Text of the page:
I've recently picked up a couple of Hornby DMU's on Ebay - a Limby 101 and a 110. They both have a power bogie that looks very like the Bachmann one in the 105 & 108, although I haven't opened the actual casing to take a closer look. I wondered if this is a new style bogie, it runs very well and I can see no reason why anyone would wish to replace it?

 

As can be gathered from the questions, I'm very much a DMU novice. It does strike me as funny/ ironic that the early ones should now be the subject of so much interest, when decades ago they often provoked scorn from many platform enders - but then of course so did a lot of diesel locos!

 

Many thanks in advance,

 

John.

Edited by John Tomlinson
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A fascinating and informative thread - as others have said great to see some real modelling. If I may a couple of questions.

 

In your 110 to 104 conversion, I wondered if the glazing (except for the cab fronts) can be refitted after the work and any painting, as presumably the size of the window apertures doesn't change, just the rim on the surface is removed?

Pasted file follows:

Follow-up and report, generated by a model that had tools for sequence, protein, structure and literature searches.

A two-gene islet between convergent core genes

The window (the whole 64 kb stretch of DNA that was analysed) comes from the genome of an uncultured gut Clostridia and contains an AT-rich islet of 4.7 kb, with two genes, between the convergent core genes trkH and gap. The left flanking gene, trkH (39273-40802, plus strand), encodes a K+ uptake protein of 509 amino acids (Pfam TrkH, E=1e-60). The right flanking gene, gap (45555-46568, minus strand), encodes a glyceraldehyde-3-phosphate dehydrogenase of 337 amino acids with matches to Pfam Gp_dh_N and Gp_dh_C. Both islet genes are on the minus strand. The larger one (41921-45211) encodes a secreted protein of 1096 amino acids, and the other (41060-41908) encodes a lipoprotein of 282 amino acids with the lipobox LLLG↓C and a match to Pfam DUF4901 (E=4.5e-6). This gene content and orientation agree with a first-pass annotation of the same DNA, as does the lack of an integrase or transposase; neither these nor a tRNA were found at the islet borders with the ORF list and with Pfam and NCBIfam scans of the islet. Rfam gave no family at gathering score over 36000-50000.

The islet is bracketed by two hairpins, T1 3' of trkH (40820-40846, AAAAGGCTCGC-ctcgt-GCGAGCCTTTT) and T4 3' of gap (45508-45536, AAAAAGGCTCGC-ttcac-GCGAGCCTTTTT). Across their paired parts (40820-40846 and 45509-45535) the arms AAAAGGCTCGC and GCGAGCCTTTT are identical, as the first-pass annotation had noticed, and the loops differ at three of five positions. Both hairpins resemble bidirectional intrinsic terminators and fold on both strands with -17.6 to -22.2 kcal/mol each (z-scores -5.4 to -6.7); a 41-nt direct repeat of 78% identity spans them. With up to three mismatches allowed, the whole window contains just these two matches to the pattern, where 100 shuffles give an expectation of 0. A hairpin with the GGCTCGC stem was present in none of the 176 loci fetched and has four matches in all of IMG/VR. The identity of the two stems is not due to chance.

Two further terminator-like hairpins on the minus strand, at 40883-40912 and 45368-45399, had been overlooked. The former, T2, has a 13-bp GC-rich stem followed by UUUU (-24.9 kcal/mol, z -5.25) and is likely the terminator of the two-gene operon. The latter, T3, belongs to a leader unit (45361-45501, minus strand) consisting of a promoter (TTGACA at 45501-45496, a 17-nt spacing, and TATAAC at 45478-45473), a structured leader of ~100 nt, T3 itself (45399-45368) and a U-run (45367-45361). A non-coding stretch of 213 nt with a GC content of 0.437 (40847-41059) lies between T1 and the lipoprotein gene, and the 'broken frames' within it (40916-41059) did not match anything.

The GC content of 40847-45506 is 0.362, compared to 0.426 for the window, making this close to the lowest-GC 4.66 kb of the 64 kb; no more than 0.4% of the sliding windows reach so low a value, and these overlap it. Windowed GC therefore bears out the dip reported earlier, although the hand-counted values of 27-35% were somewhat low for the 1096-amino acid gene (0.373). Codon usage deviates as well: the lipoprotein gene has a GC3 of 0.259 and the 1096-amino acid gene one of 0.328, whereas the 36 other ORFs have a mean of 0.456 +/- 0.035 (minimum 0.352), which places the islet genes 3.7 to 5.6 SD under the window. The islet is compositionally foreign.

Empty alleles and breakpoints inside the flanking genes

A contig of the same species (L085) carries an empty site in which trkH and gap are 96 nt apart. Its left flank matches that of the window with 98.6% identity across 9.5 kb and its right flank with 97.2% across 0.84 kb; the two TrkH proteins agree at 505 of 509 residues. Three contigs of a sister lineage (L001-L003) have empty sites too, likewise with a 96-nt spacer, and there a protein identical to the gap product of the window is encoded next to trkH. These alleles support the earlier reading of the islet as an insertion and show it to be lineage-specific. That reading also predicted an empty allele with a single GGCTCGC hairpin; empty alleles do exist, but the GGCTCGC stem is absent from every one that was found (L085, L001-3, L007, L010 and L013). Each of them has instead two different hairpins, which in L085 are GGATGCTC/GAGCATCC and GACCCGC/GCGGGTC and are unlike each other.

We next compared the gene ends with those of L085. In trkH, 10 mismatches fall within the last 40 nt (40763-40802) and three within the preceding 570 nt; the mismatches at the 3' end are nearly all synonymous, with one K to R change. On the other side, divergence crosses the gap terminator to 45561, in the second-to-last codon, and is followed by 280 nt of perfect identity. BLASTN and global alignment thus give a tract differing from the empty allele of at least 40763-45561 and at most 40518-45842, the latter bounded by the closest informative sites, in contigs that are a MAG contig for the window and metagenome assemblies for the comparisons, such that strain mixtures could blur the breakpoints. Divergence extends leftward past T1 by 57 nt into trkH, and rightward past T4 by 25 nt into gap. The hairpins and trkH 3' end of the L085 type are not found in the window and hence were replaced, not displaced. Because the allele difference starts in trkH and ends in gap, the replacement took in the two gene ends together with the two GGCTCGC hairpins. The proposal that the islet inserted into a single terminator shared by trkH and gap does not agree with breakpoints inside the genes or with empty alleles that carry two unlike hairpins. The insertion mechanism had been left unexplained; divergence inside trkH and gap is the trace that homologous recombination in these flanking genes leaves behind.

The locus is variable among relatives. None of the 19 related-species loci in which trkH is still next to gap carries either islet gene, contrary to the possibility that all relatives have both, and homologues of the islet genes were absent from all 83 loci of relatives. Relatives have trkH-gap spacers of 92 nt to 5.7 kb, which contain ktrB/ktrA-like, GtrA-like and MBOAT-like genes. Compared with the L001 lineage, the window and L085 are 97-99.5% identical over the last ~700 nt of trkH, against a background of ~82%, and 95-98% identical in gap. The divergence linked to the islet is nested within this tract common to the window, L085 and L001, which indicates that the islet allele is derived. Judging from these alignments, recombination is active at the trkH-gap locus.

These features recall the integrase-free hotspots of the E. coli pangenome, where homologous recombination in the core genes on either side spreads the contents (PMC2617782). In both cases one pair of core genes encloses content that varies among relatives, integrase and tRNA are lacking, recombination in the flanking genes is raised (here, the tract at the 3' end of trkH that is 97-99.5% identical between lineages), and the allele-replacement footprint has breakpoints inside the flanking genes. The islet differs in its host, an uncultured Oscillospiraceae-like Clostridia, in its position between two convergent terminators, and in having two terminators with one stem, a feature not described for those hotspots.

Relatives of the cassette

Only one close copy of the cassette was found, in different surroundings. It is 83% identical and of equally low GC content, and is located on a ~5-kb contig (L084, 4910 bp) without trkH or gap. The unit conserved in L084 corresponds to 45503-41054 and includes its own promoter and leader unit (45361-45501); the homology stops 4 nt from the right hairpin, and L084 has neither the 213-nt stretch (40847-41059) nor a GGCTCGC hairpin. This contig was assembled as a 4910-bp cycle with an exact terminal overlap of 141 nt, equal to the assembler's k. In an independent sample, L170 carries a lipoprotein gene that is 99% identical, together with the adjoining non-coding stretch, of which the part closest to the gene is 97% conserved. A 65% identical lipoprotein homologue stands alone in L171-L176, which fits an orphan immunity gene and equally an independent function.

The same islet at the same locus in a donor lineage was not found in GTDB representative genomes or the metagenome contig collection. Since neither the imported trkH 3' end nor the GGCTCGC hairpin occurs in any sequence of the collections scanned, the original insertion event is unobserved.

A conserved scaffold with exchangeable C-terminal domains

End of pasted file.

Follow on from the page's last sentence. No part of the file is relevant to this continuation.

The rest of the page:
I've recently picked up a couple of Hornby DMU's on Ebay - a Limby 101 and a 110. They both have a power bogie that looks very like the Bachmann one in the 105 & 108, although I haven't opened the actual casing to take a closer look. I wondered if this is a new style bogie, it runs very well and I can see no reason why anyone would wish to replace it?

 

As can be gathered from the questions, I'm very much a DMU novice. It does strike me as funny/ ironic that the early ones should now be the subject of so much interest, when decades ago they often provoked scorn from many platform enders - but then of course so did a lot of diesel locos!

 

Many thanks in advance,

 

John.

Hi John.

 

Thanks for your comments.

 

The glazing on the 104 just fits in, with the beading removed it has a very good flush look.

 

I have some Hornby 101s with the new power unit. To date I have not taken them apart as they run OK. Gone are the days when I use to take things apart to "have a look inside".